Abortion One word could turn the legislative session, and the state, on its ear in coming months. Pullquote: Right-to-lifers hope a new round of anti-abortion bills will overturn the landmark 1973 Roe v. Wade decision. By Jeremy Alford It has been 16 years since the Legislature took up the issue of abortion in a real way, and many people still remember what a circus it was. Religion, sex, morality and politics made for a volatile mix, as it usually does. Louisiana made national headlines as lawmakers adopted one of the strictest abortion laws in the United States.
The anecdotes and fables are still repeated: Pro-life forces, as well as those for choice, made it nearly impossible to navigate the State Capitol. Lawmakers who supported any form of "choice" were cursed at and threatened by opponents, who in turn had to be dragged away by State Police. A few pro-choice advocates managed to get press badges and made it into the House.
Others remember the time quite differently. Rep. Carl Crane, a Baton Rouge Republican who was elected in 1982, says the debate was sensationalized by the media. Crane says the entire situation was outrageous and doubts the spectacle will ever be repeated -- even though a sequel is being planned.
"I hope the media doesn't preoccupy itself with this," Crane says. "I don't think it's going to be an important issue. It has been pretty well dissipated. And the whole issue of abortion then was mischaracterized. Everyone thought we were spending so much time on the issue and that's all you heard about. But if you consider the amount of time spent in committee and in debate, it wasn't that much."
There may have been mischaracterizations about the debate from both sides, but there's no denying the emotional tenor of the times. The American College of Obstetricians and Gynecologists pulled its convention from New Orleans not long after. Cable news crews filed special reports about how the bill came about in 1990 -- then-Gov. Buddy Roemer vetoed the original version, wanting to exempt victims of rape and incest. Desperate right-to-lifers responded by morphing an unrelated flag-burning bill into a new version of the anti-abortion measure, with the exceptions favored by Roemer.
Roemer vetoed the second version as well, and lawmakers again didn't have the votes in the Senate to override him. The following year, however, lawmakers came back with the same legislation and were able to override Roemer's veto -- the only time that has happened in recent history.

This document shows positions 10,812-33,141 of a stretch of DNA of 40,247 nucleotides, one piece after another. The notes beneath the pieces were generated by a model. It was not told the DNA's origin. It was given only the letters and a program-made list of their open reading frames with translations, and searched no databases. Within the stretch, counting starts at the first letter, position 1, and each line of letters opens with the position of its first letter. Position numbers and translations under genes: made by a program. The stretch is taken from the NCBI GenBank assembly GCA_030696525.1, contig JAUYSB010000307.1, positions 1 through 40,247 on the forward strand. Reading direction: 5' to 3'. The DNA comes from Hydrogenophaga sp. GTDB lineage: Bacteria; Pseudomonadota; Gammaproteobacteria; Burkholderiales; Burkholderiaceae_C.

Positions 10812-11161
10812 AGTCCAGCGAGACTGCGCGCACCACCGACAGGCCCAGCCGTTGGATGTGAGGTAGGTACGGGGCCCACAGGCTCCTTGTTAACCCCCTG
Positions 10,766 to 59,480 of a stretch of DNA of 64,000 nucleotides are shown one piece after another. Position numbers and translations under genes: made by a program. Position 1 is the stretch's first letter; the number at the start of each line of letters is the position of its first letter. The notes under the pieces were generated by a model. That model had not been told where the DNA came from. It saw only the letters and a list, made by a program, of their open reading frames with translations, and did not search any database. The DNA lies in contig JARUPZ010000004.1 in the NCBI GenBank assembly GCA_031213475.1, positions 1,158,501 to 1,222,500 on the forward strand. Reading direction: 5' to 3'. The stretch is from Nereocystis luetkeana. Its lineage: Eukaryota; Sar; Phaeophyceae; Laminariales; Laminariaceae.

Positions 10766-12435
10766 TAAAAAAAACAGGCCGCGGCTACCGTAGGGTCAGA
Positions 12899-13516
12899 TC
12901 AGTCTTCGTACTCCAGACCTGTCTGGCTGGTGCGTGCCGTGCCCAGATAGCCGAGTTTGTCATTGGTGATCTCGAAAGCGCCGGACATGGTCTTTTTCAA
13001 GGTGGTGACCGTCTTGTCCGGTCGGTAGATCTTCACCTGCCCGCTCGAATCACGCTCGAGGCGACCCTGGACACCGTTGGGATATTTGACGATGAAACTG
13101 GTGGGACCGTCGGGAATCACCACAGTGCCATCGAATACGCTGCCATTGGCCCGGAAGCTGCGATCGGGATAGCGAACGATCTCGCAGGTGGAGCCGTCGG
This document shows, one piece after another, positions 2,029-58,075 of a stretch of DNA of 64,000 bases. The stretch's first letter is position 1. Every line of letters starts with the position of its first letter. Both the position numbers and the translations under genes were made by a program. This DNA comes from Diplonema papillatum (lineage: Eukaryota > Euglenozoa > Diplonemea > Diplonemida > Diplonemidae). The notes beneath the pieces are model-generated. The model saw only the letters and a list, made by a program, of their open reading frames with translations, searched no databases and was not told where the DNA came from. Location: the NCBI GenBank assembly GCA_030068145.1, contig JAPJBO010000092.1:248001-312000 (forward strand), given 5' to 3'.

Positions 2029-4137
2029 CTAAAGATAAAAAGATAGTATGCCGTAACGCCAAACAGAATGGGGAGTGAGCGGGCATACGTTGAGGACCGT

"You're bringing up some bad memories for me," Roemer recalls. "But I vetoed that sucker because it was just so unconstitutional."
For the legislative session that opens this week and runs through mid-June, lawmakers have come full circle. At least four bills address the issue of abortion -- and there's another flag-burning measure. There are some new wrinkles as well. The U.S. Supreme Court has grown more conservative under the Bush Administration. Right-to-lifers hope a new round of anti-abortion bills will overturn the landmark 1973 Roe v. Wade decision. For example, a bill passed by South Dakota lawmakers makes it a crime for doctors to perform abortions unless it threatens the life of the mother. There are no exceptions for rape or incest, and violating doctors could face up to five years in prison.
Jim Sedlak, vice-president of the American Life League, one the nation's largest pro-life organizations, says the stars have finally aligned for his group's cause. He called the South Dakota bill a "monumental step toward ending abortion in this country and protecting all innocent human beings -- born and preborn."
Cecile Richards, president of the Planned Parenthood Federation of America, the leading advocate of U.S.-based abortion services, says at least 10 other states, including Louisiana, are prepared to debate similar bills. Richards says Planned Parenthood will fight each such bill in court, a signal that the judicial battle is on.
"In every state, women, their families and their doctors should be making private, personal health-care decisions -- not politicians," Richards says. "These abortion bans, and the politicians supporting them, are far outside the mainstream of America. Planned Parenthood will fight these attacks in court."
In Louisiana, Sen. Ben Nevers, a Bogalusa Democrat, has filed a bill to ban all abortions, except those that save a mother's life, and makes no exception for rape and incest. The crime of abortion would be punishable by one-to-10 years in jail and a fine of $10,000 to $100,000. Rep. Tim Burns, a Mandeville Republican, has included similar penalties in his bill, but he makes an exception for incest and rape.
If any of these measures should reach the desk of Gov. Kathleen Blanco, a Catholic and a Democrat, her position is clear: She thinks abortions should be allowed only in cases of rape, incest and to save a mother's life. She also favors a ban on so-called "partial birth," or late-term, abortions.
A majority of Louisiana lawmakers, many of whom are devoutly religious in a somewhat conservative state, stand by the governor's opposition to outright abortions, but that doesn't mean the debate will be civil -- inside or outside the legislative chambers.
"You can go ahead and put the saddle on the horse, because I'm sure it will be a rough ride," says Rep. Warren Triche, a Chackbay Democrat who was serving his first term during the last abortion debate. "It will take a great deal of limelight out of the session."
Jeremy Alford can be reached at firstname.lastname@example.org.